Having an indoor herb garden right on your window sill can be very convenient way to add fresh herbs to your cooking. Yet, some herbs do not lend themselves well to growing indoors; so if you want to have herbs indoors, you'll need to plan accordingly.
Some of the Mediterranean plants like bay laurel can grow well in pots indoors. Choose a pot that has good drainage and fill it with premoistened potting soil. Make sure you pick a pot that is large enough that the plant does not become root bound. Place it in a window that gets six or more hours of sun each day in order for the plant to thrive.
should really be planted outdoors in a garden they can grow in a pot, too. Just be sure to use a large enough pot and put it in a window that gets a lot of sun.
is perfect for your indoor herb garden and you can actually sustain the growth year after year unlike if you grow it outside where it is an annual only growing for one year. Get a pre-started plant at your local garden center as these aren't very easy to grow from seed. You want to put it in a window that has a Southern exposure so it gets lots of sun.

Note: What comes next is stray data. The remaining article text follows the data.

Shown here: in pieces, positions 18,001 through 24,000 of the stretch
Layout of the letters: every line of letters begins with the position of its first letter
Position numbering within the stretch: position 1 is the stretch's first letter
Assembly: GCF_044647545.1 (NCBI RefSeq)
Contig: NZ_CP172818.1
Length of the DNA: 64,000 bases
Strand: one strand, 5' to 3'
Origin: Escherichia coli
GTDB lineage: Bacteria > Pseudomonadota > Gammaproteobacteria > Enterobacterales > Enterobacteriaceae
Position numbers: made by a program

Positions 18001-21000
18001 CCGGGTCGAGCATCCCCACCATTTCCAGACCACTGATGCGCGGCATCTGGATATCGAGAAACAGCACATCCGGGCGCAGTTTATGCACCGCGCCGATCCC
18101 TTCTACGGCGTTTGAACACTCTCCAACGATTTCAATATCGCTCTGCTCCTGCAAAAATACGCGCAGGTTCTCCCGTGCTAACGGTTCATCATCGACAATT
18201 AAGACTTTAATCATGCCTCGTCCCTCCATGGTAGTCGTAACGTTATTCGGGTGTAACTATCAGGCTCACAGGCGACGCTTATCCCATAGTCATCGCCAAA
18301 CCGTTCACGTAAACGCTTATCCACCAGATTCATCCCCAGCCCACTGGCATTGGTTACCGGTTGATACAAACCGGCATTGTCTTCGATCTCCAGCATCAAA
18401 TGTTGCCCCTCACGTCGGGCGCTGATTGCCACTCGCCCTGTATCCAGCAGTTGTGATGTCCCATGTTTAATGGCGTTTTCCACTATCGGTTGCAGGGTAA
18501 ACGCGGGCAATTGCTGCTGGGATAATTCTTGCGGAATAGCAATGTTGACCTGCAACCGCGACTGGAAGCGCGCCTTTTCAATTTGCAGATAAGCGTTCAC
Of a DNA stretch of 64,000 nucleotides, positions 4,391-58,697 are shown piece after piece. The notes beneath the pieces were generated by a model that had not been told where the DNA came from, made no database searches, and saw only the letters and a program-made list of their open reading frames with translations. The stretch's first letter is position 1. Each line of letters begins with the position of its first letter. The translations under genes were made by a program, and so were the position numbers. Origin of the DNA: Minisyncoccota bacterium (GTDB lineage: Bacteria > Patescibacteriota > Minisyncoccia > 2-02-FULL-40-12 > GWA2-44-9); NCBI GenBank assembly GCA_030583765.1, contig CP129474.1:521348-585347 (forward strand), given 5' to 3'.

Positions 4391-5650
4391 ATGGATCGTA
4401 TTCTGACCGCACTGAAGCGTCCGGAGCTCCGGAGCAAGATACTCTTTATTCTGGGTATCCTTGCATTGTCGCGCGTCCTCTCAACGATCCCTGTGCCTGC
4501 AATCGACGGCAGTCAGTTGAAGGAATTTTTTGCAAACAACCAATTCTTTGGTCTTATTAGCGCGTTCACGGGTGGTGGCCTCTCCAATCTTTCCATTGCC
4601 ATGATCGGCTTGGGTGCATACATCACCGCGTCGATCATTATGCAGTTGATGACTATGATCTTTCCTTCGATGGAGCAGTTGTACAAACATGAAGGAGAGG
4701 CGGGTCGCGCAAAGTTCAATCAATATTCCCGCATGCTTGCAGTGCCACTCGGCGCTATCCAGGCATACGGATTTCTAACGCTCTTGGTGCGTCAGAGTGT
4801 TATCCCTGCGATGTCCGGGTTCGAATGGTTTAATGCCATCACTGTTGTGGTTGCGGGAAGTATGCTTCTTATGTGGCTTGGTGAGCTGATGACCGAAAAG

You can try growing almost any herb indoors, however some are better suited to outdoor growing. To give them the best chance, though, you'll want to make sure to have an area where the plants can get lots of sun because. Most herbs like to be in full sun. If you are choosing some herbs that like partial shade you may have a better chance.
Choosing a container that is large enough to accommodate the roots of the plant is critical. You don't want your herb to become root bound; it will stunt its growth. Be sure that the pot has enough drainage, with the drainage hole and a tray underneath to catch the excess water.
Most herbs will do well in fairly dry soil, but this doesn't mean that you want to let the soil dry out completely. Water herbs so that the soil is moist, then dries out somewhat between waterrings. Avoid standing water. Consider watering into catch tray to allow water to be absorbed into the plant through the roots.
Make sure to remove dead leaves, stems, or flowers from your indoor herb plants, not only for aesthetic reasons, but this also helps the plant remain healthy. Inspect herbs for pests and disease and treat accordingly. However, only use organic methods as you don't want to put harsh chemicals on herbs that you will be eating.
Your indoor herb garden can really brighten up the window sill and provide you with the freshest of ingredients for both your medicinal concoctions as well as your meals.